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The longitudinal association between personality and achievement in adolescence: Differential effects across all Big Five traits and four achievement indicators
Israel, A., Lüdtke, O., Wagner, J.

The longitudinal association between personality and achievement in adolescence: Differential effects across all Big Five traits and four achievement indicators

Learning and Individual Differences, 72, 80-91.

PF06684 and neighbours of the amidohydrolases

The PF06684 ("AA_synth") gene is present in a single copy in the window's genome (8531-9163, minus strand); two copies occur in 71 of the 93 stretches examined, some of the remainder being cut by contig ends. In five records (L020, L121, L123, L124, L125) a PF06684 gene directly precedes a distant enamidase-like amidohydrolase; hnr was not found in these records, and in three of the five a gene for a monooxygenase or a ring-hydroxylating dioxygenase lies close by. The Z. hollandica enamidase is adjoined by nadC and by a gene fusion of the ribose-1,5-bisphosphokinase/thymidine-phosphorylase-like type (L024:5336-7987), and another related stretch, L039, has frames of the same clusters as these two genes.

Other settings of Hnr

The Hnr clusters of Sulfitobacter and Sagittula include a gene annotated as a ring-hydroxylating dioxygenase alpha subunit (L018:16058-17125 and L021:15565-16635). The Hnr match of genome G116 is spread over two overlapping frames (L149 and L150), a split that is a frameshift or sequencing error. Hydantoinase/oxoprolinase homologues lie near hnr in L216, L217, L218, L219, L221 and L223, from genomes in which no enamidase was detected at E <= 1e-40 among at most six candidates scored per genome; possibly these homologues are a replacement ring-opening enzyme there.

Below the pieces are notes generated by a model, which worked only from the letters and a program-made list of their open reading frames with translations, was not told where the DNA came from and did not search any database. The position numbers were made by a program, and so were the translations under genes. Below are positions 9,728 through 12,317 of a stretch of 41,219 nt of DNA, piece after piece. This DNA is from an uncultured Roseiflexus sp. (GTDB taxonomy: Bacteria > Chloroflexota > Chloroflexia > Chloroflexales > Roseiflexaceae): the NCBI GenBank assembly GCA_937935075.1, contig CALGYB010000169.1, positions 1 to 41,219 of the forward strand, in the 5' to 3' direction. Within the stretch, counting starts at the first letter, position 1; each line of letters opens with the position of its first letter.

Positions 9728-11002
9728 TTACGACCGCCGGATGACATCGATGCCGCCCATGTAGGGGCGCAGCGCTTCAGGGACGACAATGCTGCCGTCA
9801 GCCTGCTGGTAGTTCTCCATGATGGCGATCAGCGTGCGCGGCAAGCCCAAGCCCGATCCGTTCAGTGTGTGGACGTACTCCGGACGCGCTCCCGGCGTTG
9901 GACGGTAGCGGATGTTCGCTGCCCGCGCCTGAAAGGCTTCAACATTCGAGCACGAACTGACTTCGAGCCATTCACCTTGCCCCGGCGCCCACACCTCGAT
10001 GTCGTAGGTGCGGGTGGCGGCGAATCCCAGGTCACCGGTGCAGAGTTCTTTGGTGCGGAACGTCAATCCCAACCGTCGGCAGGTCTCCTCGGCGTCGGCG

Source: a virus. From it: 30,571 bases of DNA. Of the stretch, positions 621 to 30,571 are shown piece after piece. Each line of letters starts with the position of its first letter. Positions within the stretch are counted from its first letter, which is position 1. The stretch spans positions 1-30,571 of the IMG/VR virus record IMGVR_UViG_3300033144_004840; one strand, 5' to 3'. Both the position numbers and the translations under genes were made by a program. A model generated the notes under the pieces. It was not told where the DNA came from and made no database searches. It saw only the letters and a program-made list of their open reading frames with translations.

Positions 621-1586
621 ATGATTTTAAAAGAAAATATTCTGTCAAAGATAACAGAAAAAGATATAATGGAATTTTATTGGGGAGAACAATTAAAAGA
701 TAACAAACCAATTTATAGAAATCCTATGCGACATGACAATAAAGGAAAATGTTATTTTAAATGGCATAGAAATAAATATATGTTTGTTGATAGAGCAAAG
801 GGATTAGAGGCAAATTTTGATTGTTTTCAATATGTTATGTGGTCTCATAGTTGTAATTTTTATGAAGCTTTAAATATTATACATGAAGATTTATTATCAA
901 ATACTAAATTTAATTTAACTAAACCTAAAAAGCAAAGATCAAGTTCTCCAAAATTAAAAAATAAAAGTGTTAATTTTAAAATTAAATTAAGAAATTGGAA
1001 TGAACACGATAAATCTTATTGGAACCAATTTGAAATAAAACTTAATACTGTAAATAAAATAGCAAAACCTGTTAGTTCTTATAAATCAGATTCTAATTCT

In this study, we investigated the longitudinal interplay between personality and achievement and the effect of family cohesion on relative change in personality and achievement in adolescence. Using longitudinal data from the National Educational Panel Study (NEPS; N = 4355, AgeT1 = 12.9 years, 49% female adolescents), we estimated latent cross-lagged panel models that included personality traits, different achievement indicators, and family cohesion. There were three main findings. First, we replicated previous cross-sectional personality-achievement associations. Second, after accounting for covariates and stability effects, all personality traits (except agreeableness) were related to change in at least one achievement indicator. Third, student-rated family cohesion was associated with better grades (in German) 2 years later but showed no effects on personality change. The findings demonstrate that, when explored longitudinally, personality shows only small effects on achievement change and vice versa in adolescence. We emphasize the need for further research to disentangle the specific processes behind these associations.